The media loves a good bigamy story (as obviously do bloggers). A twenty-four year old Thai man called Mr. Wichai, a native of Samut Songkram province, who by all accounts was a pretty ordinary fellow. He earned his livelihood hawking second-hand goods. But he must have had something quite special going for him as he married, (according to Thai Rath) gorgeous twins named Ms. Sirintara and Ms. Thipawan, aged twenty-two. The bridegroom professed “his sincerest ‘equal love’ for both of them.” Apparently both sets of parents were very happy for the newly wedded threesome. Mr. Wichai sweetened the pie by contributing a dowry of “eight baht of gold and 80,000 baht” for each of his new brides. There was no mention of how a second-handed goods sales guy got his hands on that kind of wealth. In fairness, that is an omission from many local stories involving politicians, police, soldiers, or ordinary second-hand merchandise vendors.
Every man would like to have had Mr. Wichai’s mother as their own. Somehow I can’t imagine my mother preparing two rooms in the family house for her son and his two brides. But Mr. Wichai’s mother did. The question lurking in the back of everyone’s lurid mind was what were the sleeping arrangements? Mr. Wichai was prepared, and quoted as saying, “’Absolutely no problems! For the first three nights of the week, I will sleep with Ms. Thipawan and the next three will be spent with Ms Sirintara. As for every Saturday, the three of us will sleep together’.” Right out of the Ten Minute Manager for Bigamists: Guide of How to Manage Your Time Effectively.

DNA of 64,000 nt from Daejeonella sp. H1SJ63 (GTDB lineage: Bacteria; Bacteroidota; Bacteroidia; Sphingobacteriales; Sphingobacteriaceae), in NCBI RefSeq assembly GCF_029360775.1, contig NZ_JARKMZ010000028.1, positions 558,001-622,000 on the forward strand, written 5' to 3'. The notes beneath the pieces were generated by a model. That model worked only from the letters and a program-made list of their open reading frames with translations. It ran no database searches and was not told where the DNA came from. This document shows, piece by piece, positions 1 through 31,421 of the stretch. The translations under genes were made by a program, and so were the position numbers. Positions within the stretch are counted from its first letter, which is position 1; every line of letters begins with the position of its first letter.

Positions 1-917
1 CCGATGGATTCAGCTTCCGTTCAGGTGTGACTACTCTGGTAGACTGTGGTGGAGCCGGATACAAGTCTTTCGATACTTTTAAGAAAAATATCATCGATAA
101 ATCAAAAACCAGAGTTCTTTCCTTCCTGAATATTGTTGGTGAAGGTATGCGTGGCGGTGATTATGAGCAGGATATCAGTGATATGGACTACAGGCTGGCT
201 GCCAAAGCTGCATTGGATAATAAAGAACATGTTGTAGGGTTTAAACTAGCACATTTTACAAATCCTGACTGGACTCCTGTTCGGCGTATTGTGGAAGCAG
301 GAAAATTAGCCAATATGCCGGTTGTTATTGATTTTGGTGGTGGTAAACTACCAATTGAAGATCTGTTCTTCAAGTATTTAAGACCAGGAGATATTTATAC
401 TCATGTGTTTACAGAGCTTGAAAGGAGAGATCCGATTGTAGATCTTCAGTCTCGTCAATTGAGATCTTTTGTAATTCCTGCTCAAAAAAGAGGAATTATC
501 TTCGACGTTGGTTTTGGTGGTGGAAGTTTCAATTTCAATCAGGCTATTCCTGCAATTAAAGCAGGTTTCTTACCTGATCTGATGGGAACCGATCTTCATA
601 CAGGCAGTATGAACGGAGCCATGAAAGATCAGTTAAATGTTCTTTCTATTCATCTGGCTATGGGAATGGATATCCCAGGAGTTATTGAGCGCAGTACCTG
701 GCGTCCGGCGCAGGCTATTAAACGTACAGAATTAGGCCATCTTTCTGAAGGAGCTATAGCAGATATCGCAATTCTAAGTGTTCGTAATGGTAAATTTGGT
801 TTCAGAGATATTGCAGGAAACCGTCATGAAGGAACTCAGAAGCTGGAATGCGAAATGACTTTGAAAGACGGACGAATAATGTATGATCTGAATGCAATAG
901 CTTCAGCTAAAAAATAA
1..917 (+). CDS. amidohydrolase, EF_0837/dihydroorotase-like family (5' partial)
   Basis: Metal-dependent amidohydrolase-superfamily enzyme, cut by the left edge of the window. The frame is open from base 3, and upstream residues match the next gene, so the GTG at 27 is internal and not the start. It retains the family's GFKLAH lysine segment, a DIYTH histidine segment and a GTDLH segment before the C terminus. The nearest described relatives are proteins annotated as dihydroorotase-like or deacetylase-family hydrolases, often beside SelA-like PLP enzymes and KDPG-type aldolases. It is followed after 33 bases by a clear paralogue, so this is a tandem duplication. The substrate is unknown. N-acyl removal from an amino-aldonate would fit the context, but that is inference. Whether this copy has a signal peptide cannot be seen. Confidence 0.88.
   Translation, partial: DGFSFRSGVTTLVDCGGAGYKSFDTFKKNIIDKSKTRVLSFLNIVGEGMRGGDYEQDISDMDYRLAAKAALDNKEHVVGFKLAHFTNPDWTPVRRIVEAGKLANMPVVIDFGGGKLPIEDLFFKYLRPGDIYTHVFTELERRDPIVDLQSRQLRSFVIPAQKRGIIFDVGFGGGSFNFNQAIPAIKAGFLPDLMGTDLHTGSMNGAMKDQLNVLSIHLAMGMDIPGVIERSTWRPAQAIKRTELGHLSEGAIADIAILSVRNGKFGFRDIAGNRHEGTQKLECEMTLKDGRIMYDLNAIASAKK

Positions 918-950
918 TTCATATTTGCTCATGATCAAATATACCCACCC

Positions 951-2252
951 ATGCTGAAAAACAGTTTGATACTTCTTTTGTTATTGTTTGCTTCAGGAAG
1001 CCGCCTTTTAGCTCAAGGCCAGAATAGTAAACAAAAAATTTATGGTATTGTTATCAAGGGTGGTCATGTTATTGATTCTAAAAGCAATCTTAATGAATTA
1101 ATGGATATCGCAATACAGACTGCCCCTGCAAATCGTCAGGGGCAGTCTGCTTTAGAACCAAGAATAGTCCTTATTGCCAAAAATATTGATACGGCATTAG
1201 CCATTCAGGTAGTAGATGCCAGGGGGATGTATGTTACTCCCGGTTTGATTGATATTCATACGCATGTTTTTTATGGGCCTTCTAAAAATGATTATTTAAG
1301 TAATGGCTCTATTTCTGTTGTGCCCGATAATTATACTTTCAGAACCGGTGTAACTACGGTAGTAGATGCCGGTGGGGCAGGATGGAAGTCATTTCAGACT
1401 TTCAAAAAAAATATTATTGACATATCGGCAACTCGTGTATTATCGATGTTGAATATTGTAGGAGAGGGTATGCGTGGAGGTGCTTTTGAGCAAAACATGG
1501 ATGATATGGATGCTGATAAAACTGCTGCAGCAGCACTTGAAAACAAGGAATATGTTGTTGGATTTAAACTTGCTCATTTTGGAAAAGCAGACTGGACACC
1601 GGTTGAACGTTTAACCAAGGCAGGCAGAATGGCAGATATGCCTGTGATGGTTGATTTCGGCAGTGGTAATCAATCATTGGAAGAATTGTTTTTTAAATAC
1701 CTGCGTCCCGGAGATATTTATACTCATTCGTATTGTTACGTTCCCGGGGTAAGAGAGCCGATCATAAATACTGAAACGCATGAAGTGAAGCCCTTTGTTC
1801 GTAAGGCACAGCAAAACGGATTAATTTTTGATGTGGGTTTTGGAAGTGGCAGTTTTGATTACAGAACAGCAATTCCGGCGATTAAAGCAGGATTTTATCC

From time to time, it would be good if the press filed follow up reports to see how the schedule has worked out, whether any police have been around with warrants, and whether he claims tax deduction for both wives. At the end of the day, in the case of the crime of bigamy, at least in Thailand and Canada, there’s no ground swell to charge and imprisonment the miscreants.
There is a downside (isn’t there always?) in turning a blind eye to the Mr. Wichais of the Asian world. Given a preference for male babies there is a fairly significant imbalance between males and females. Allowing the alpha males with tough and status to take two or three or more women out of the marriage market leaves that many more males without the hope of finding a woman to marry. History has a lesson that when too many young men fighting over too few women often leads to violence and war. While Mr. Wichai has a rather tight schedule. The idle, single young men who won’t be finding a wife, have time on their hands and anger in their hearts. There are other more serious crimes that such men ultimately commit without the presence of a good woman to keep their impulses in check. The tragedy of life is there is no free lunch.